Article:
BANKING is a kind of trade carried on for the purpose of getting money. The trade of a banker differs from other trades, inasmuch as it is carried on chiefly with the money of other people.
The trading capital of a bank may be divided into two parts: the invested capital, and the banking capital. The invested capital is the money paid down by the partners for the purpose of carrying on the business. This may be called the real capital. The banking capital is that portion of capital which is created by the bank itself in the course of its business, and may be called the borrowed capital.
There are three ways of raising a banking or borrowed capital. First, by receiving deposits; secondly, by the issuing of notes; thirdly, by the drawing of bills. If a person will lend me £100 for nothing, and I lend that £100 to another person at four per cent. interest, then, in the course of a year, I shall gain £4 by the transaction. Again, if a person will take my "promise to pay," and bring it back to me at the end of the year, and pay me four per cent. for it, just the same as though I had lent him 100 sovereigns, then I shall gain £4 by that transaction; and again, if a person in a country town brings me £100 on condition that, twenty-one days afterwards, I shall pay the same amount to a person in London, then whatever interest I can make of the money during the twenty-one days, will be my profit. This is a fair representation of the operations of banking, and of the way in which a banking capital is created by means of deposits, notes, and bills.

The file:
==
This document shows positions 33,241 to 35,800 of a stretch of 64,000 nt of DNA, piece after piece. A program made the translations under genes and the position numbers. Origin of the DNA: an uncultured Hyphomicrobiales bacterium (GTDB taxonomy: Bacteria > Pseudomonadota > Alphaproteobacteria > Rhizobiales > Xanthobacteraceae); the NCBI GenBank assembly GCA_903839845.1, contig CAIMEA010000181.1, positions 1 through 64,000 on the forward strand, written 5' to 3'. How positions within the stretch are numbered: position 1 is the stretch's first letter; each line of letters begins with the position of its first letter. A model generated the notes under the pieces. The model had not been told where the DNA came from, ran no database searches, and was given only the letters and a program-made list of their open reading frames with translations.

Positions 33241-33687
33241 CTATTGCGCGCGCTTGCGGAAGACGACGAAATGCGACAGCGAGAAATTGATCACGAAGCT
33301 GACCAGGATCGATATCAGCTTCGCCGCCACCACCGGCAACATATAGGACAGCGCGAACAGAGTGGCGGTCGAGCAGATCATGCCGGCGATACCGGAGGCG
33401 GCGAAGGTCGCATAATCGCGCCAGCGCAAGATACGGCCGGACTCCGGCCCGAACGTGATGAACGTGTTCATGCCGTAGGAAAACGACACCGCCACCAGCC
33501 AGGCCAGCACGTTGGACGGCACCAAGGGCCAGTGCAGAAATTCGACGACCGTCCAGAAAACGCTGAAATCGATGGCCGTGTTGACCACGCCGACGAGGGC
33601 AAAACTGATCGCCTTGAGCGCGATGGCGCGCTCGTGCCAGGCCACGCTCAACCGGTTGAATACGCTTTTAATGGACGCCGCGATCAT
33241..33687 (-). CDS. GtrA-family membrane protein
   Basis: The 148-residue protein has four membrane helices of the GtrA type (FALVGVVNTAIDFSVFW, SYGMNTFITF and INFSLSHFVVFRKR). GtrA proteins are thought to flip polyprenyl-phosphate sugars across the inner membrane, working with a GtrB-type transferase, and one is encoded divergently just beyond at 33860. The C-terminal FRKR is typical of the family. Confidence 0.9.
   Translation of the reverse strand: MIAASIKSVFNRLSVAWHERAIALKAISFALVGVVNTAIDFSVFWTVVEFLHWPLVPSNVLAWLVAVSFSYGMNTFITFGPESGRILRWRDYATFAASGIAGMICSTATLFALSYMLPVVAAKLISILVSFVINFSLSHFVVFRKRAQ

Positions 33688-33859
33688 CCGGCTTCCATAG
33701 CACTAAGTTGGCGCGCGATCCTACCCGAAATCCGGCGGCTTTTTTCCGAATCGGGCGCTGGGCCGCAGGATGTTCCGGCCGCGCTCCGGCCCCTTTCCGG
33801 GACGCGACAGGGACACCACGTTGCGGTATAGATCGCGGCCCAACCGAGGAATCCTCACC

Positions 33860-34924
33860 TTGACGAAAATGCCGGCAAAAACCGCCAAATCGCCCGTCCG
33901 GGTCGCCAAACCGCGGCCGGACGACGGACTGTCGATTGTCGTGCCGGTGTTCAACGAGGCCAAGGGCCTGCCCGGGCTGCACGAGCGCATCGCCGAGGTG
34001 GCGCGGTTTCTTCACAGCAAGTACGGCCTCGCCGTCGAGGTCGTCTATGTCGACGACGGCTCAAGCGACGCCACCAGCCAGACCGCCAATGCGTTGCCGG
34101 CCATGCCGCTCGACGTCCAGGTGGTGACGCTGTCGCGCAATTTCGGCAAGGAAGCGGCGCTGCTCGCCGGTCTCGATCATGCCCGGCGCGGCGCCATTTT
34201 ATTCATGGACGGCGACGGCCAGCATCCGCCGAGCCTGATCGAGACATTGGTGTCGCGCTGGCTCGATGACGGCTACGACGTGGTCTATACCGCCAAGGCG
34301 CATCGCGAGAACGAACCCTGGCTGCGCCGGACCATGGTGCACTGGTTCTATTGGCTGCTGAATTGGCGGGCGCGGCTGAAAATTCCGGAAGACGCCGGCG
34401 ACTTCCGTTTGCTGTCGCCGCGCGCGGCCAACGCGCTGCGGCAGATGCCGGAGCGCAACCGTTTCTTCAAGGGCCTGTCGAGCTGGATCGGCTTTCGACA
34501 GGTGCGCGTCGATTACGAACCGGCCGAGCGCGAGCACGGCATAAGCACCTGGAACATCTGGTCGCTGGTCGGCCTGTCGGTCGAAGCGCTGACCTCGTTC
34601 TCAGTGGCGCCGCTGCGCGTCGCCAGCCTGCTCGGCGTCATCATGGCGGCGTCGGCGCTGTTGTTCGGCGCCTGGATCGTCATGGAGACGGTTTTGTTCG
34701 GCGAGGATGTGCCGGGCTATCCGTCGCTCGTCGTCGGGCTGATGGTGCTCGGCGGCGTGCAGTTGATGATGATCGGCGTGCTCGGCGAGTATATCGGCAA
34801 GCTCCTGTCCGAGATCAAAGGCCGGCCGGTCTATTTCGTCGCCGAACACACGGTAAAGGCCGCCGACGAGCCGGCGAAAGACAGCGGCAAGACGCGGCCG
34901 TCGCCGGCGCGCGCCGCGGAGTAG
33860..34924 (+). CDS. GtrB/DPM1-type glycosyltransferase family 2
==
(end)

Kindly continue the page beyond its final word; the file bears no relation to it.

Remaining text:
The profits of a banker are generally in proportion to the amount of his banking or borrowed capital. If a banker employ only his real or invested capital, it is impossible he should ever, in the ordinary course of business, make any profits. Bankers can seldom attain more upon their advances than the market-rate of interest; and that may be obtained upon real capital, without the expense of maintaining a banking establishment. If, after deducting the expenses, the profits amount to nothing more than the market-rate of interest upon the invested capital, the bank may be considered to have made no profits at all. The partners have received no higher dividend upon the capital invested in the bank than they would have received if the same money had been laid out in government securities. To ascertain the real profit of a bank, the interest upon the invested capital should be deducted from the gross profit, and what remains is the banking profit.
A bank that receives lodgments of money, is called a bank of deposit. A bank that issues notes, is called a bank of circulation. Each bank attempts to procure a banking capital, but by different means. When a bank of deposit is opened, all the people in the district, who have money lying idle in their hands, will place the money in the bank. This will be done by the merchants and tradesmen, who are in the habit of keeping by them a sufficient sum of money to answer daily demands; by the gentry, and others out of business, who receive their rents, dividends, or other moneys, periodically, and disburse them as they have occasion. The various small sums of money which were lying unproductive in the hands of numerous individuals, will thus be collected into one sum in the hands of the banker. The banker will retain a part of this sum in his till, to answer the cheques the depositors may draw upon him; and with the other part he will discount bills, or otherwise employ it in his business. But if, instead of a bank of deposit, a bank of circulation only be established, then the several small sums of money will remain unproductive as before in the hands of various individuals; and the banker, in discounting bills, will issue his own promissory notes.